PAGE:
As yet another semester at Bowling Green State University inches towards its conclusion, I realize how difficult it is to adequately summarize the accomplishments of Environmental Action Group in the form of the written word. Our campaign for 100% clean energy at BGSU by 2020 has reached heights that attest to the dedication of all students and community members who have been directly involved or have expressed valuable support and that highlight the urgent situation escalated by continued fossil fuel usage.
On Monday April 15th, the Environmental Action Group at Bowling Green State University launched a week-long “Call-In” drive to our President’s office to demand a 100% clean energy future for BGSU with an end goal of 2020.
The day started off slow at 10am, when most college students are still half asleep and just rolling out of bed. By 11:30, our administration had really begun to hear the students’ demands in numbers. The administration sent the University’s police captain out to where we were standing in our Student Union’s Oval to tell us that having students call into President Mazey’s office was “illegal” because it was “disrupting the work that could be done in the office” and supposedly “harassment”, ultimately threatening us by saying that he “could write us a ticket.”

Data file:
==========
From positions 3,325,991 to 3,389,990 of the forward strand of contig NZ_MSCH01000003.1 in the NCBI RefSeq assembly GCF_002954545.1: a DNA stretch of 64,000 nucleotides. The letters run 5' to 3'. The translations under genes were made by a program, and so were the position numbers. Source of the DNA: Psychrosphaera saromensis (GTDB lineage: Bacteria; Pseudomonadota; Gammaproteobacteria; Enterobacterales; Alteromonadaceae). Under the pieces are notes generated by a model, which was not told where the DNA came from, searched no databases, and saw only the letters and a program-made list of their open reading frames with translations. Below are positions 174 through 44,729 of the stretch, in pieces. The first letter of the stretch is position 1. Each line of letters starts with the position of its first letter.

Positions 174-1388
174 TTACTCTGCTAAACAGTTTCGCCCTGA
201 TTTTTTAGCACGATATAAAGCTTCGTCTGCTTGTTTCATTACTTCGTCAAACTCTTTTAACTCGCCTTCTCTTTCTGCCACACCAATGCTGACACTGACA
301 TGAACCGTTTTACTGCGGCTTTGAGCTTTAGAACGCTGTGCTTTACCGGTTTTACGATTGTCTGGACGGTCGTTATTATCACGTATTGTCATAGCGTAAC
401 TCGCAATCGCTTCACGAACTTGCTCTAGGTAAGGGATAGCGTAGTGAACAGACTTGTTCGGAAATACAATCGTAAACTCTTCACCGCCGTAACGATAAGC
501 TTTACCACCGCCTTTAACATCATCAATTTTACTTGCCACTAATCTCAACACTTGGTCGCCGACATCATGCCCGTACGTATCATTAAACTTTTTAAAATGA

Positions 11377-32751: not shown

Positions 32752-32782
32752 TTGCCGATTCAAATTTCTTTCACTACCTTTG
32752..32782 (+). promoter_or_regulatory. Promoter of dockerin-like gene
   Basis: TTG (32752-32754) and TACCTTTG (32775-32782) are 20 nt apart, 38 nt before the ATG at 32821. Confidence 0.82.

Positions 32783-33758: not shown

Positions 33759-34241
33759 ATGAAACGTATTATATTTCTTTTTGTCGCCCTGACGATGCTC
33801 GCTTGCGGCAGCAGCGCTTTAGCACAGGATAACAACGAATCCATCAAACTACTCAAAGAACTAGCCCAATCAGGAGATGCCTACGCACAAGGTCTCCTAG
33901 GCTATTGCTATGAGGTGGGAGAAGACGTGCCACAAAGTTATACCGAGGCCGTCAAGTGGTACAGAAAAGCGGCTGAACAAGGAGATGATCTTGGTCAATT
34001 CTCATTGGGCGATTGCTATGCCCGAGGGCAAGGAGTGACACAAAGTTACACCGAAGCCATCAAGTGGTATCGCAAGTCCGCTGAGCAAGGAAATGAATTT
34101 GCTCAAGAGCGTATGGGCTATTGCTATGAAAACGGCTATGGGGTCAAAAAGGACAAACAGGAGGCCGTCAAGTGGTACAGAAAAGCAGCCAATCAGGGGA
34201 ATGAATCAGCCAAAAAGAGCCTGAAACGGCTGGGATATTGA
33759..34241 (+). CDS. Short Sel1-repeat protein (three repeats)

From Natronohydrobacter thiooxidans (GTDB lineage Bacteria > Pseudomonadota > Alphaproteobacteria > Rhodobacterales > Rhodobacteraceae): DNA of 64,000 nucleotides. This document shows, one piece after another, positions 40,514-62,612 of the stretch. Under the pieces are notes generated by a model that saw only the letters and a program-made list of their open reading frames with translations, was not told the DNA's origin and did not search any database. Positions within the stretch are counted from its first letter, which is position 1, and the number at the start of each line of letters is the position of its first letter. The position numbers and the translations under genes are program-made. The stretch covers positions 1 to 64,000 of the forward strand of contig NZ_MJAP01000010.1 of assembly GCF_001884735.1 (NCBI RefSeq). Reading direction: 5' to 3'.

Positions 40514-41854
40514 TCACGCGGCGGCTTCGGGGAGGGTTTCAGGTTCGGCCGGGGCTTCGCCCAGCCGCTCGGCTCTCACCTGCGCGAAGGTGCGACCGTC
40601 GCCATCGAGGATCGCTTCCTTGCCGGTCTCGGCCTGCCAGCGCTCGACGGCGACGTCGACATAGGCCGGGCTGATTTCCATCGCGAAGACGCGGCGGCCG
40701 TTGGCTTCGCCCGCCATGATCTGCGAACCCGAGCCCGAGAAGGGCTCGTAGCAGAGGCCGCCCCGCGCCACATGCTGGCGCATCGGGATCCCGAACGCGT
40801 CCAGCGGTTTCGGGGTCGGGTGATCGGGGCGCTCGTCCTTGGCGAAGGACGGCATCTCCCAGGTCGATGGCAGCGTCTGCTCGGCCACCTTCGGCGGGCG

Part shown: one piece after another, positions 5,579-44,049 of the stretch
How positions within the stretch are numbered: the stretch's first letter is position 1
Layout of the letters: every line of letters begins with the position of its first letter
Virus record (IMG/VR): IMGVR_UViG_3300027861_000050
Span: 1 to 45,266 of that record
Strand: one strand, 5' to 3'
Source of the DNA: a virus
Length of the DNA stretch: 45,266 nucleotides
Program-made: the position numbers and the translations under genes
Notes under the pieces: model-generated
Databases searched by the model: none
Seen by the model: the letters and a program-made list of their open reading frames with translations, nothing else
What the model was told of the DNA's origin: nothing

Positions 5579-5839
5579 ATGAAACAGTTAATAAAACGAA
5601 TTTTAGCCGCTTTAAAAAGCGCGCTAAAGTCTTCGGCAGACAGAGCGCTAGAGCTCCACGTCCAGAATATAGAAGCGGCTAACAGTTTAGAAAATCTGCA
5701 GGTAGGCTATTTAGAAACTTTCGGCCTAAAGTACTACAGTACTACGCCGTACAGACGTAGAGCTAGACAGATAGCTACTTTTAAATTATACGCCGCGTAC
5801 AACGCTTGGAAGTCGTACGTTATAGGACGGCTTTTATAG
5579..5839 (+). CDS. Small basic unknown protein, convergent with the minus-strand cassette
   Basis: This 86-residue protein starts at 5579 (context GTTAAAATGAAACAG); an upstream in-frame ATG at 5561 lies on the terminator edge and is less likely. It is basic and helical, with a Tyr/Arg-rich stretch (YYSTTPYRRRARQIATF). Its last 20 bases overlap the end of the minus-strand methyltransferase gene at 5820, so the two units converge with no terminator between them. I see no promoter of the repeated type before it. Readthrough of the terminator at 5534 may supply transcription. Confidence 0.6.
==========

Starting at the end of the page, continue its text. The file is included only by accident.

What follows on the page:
At the end of March, an ExxonMobil tar sands pipeline ruptured in Arkansas. Since then, around 300,000 gallons of oil have spilled. And this isn’t conventional crude we’re talking about—it’s diluted bitumen, which is heavier and harder to clean up because it sinks in water. An all-too-familiar deceptive media campaign from Exxon has made things even more complicated.
Here are the essentials. I’d encourage you to follow the links for more background.
Sometimes it seems like Florida lawmakers just don’t get it. Not only does Florida have some of the most ridiculous election woes every two years, but we also seem to have all the wrong ideas about combating climate change and investing in truly renewable and sustainable energy.
Today (April 3rd) BGSU president, Dr. Mary Ellen Mazey, and her cabinet hosted a National Start! Walking Day event. This event aimed to raise awareness about healthier lifestyles for faculty and students at BGSU by leading a 30 minute walk around campus. While this helps promote personal health, students believe that Bowling Green State University has a greater responsibility as a higher-education institution to promote/ support health across the globe.
Last week, I wrote a post about the Keystone activists who marched to Senator Mark Warner's office in downtown Richmond to demand he stand with Virginians and not the fossil fuel industry. That day, we let the Senator's staff know that if he fails to reject measures to approve the tar sands oil pipeline, we would be back to remind him who he works for.
Well- we lived up to our promise, to say the least.
At 10:30 this morning, seven students from Bowling Green State University entered the office of Dr. Mary Ellen Mazey, the university’s president, to meet with her for a second time. On the agenda: 100% clean energy.